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SALT LAKE CITY — The Silicon Slopes Tech Summit drew 5,000 attendees for its inaugural conference in 2017.
This year, that number nearly tripled.
With over 14,000 registered, the summit’s growth mirrors that of its namesake as Utah’s tech scene grows faster than anyone expected from a recently rural Western state.
But Silicon Slopes is not shy about its roots.
Facts and quotes flashing across the giant, colorful screens in the Salt Palace Convention Center auditorium Thursday reminded waiting conference-goers why Utah is such an incredible place to start and do business. A palpable state pride pervaded the summit, despite plenty of outsider attendees.
The summit, at its core, is a love letter to Utah.
Though Silicon Slopes’ name belies a desire to become like its more popular older brother, the Silicon Valley, there’s a distinct difference between the two — marked especially by the fact that executive leaders from competitor companies have come together in an effort to put Utah on the map.
Few would describe Utah as “cutthroat.”
“Let’s stop adding a ‘but’ after we tell people we live in Utah. … Let's be proud of this state,” said Silicon Slopes executive director Clint Betts, who has the air of a man pushed into the spotlight against his will.
But (sorry, Clint) the Silicon Slopes summit kicks off the same day Amazon released a list of 20 finalists for its coveted second headquarters — from which a certain Beehive state was noticeably missing.
And while this may be a fairly predictable outcome — Salt Lake City isn’t Los Angeles, after all — it is a puzzle for some who wonder why Utah didn’t even make it in the top 20.
“I wish the Amazon location were coming in five years,” said Qualtrics CEO Ryan Smith, one of the driving forces behind the summit. “It’s just a little early, and I think there’s so much that’s going right for the state. But I think we should use it as a rallying cry for what has to happen to be able to attract that. ... I think we’re just five to 10 years too early at the moment.”
Smith believes one of Silicon Slopes' biggest challenges over the coming years (and one of the reasons it wasn’t chosen by Amazon) is a lack of talent to fill all the jobs the tech community is producing — a fate tech employers across the globe are confronting. Utah’s tech companies need to either grow talent or go elsewhere for it, Smith said, and now’s the time to get ahead and solve the issue.
“The way out is to relocate people (here),” he told KSL. “We’ve got a long way to go. You give people an option to work in Dallas, Seattle or Utah — they’re not choosing Utah first. That’s a branding problem. So we need things like Silicon Slopes. … People need to be telling their story.”
But part of Utah’s branding problem is also the state’s lack of diversity — an obstacle of which Silicon Slopes employers are painfully aware.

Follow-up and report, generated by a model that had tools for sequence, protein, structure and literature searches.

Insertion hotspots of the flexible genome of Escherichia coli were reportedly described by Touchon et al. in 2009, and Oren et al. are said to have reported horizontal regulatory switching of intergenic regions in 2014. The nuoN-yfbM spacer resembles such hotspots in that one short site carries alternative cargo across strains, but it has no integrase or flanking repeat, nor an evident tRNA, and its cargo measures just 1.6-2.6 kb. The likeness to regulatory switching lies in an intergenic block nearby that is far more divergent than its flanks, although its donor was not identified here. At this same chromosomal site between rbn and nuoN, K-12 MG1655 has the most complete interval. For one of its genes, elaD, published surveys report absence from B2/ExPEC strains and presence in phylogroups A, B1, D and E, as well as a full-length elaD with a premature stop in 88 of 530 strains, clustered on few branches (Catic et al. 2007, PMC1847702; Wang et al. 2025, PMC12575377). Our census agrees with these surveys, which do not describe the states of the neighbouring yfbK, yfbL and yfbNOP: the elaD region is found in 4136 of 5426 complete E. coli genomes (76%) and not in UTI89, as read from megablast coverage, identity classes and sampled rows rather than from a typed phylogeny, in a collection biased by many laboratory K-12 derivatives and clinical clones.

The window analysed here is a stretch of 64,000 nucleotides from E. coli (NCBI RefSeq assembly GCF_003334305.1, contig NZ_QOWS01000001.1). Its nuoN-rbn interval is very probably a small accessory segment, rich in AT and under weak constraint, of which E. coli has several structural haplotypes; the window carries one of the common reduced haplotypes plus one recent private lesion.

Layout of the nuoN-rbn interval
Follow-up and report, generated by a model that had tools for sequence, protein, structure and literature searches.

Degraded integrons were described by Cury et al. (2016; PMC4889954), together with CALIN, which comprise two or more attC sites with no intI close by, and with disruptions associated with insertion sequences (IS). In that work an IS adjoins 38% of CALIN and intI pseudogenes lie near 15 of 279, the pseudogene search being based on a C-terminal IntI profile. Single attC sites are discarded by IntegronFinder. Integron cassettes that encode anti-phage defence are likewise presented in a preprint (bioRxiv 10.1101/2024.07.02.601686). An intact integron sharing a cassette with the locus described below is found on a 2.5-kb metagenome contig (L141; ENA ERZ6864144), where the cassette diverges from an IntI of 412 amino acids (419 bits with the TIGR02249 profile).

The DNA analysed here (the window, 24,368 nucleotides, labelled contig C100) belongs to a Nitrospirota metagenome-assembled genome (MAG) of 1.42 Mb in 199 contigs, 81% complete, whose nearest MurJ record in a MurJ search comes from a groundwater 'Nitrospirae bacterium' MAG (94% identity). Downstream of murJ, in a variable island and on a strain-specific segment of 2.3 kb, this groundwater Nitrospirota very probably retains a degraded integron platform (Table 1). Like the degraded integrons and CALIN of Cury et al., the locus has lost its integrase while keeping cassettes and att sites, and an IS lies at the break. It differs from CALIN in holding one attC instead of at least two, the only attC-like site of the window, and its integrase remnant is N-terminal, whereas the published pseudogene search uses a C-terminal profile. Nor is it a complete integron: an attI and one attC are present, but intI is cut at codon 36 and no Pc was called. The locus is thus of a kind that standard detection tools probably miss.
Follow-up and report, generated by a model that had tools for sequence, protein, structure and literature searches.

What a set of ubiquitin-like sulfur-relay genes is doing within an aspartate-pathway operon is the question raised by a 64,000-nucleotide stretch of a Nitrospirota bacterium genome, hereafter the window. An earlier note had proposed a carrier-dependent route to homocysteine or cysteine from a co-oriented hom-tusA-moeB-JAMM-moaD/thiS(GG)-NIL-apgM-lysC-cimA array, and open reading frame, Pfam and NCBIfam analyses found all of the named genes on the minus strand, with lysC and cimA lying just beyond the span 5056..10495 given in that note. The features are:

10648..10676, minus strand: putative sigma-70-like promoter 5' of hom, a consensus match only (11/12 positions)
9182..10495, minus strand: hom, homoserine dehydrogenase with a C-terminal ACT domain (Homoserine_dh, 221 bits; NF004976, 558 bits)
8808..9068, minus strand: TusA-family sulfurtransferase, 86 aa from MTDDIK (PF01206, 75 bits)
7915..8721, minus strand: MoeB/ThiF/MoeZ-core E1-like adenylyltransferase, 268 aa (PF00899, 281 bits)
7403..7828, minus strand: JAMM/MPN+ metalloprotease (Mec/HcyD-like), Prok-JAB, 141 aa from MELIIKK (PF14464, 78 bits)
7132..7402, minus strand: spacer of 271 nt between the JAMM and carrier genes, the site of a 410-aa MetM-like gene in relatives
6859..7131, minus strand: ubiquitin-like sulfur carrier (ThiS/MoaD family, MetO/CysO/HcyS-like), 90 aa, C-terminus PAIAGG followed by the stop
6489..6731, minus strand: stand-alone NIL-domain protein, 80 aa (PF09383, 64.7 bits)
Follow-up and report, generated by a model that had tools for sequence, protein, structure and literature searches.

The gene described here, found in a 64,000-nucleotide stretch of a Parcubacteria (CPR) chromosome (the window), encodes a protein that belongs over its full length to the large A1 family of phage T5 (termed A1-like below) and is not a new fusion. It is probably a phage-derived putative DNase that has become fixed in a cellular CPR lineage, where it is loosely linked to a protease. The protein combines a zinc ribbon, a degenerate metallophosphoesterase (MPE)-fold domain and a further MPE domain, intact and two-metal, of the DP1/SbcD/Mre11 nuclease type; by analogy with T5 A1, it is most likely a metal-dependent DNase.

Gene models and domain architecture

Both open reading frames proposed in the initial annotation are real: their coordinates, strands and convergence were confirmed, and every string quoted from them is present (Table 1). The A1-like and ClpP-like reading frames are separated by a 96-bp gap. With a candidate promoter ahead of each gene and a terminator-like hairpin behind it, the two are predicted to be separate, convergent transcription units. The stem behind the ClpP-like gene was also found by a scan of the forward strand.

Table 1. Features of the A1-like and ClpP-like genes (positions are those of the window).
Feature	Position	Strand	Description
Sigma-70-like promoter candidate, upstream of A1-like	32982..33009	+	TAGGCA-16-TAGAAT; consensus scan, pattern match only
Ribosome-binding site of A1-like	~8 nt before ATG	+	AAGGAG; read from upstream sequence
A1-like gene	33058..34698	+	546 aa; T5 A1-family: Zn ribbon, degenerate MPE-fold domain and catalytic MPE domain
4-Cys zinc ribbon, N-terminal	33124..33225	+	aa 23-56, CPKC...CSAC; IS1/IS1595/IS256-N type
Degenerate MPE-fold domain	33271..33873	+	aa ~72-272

Banyan CEO Carine Clark jumped headfirst into the issue during Thursday’s first general session with a blunt introduction.
“I’m worried about diversity because we do not have enough diversity in our companies, and companies with more diverse teams are better companies,” she said.
And recent studies back her claim. Worldwide management consulting firm McKinsey&Company found that companies in the top quartile for racial and ethnic diversity are 35 percent more likely to have financial returns above their respective national industry medians. Silicon Slopes executives know there's a business incentive, too, that comes along with diversity.
The summit welcomed Cathrin Stickney, founder of Parity.org — a nonprofit organization that seeks to bring gender parity and equality to the highest levels of business. Companies who commit to the “Parity Pledge” promise to include at least one qualified female candidate in the interview process for every open position, vice president or above.
Stickney founded the organization last year and 80 companies have signed the pledge. Half are from Utah.
Smith told KSL he believes gender parity is a sizable but attainable challenge to hurdle. Racial diversity may be a little more difficult, however.
“I want to see more black and brown people here next time,” said former Beats by Dre CEO Omar Johnson during his keynote at the summit.
And though Utah may have a lot of work to do, Silicon Slopes, at least, believes they’re up to the challenge.
“I love the belief,” said former Utah outsider Sorenson Media CEO Marcus Liassides. “Utah has that culture of belief. Maybe it stems back to the pioneers.”
The summit lasts until Friday and has welcomed big names like Steve Young, the Neon Trees, Adobe CEO Shantanu Narayen and Mitt Romney, who will speak Friday morning.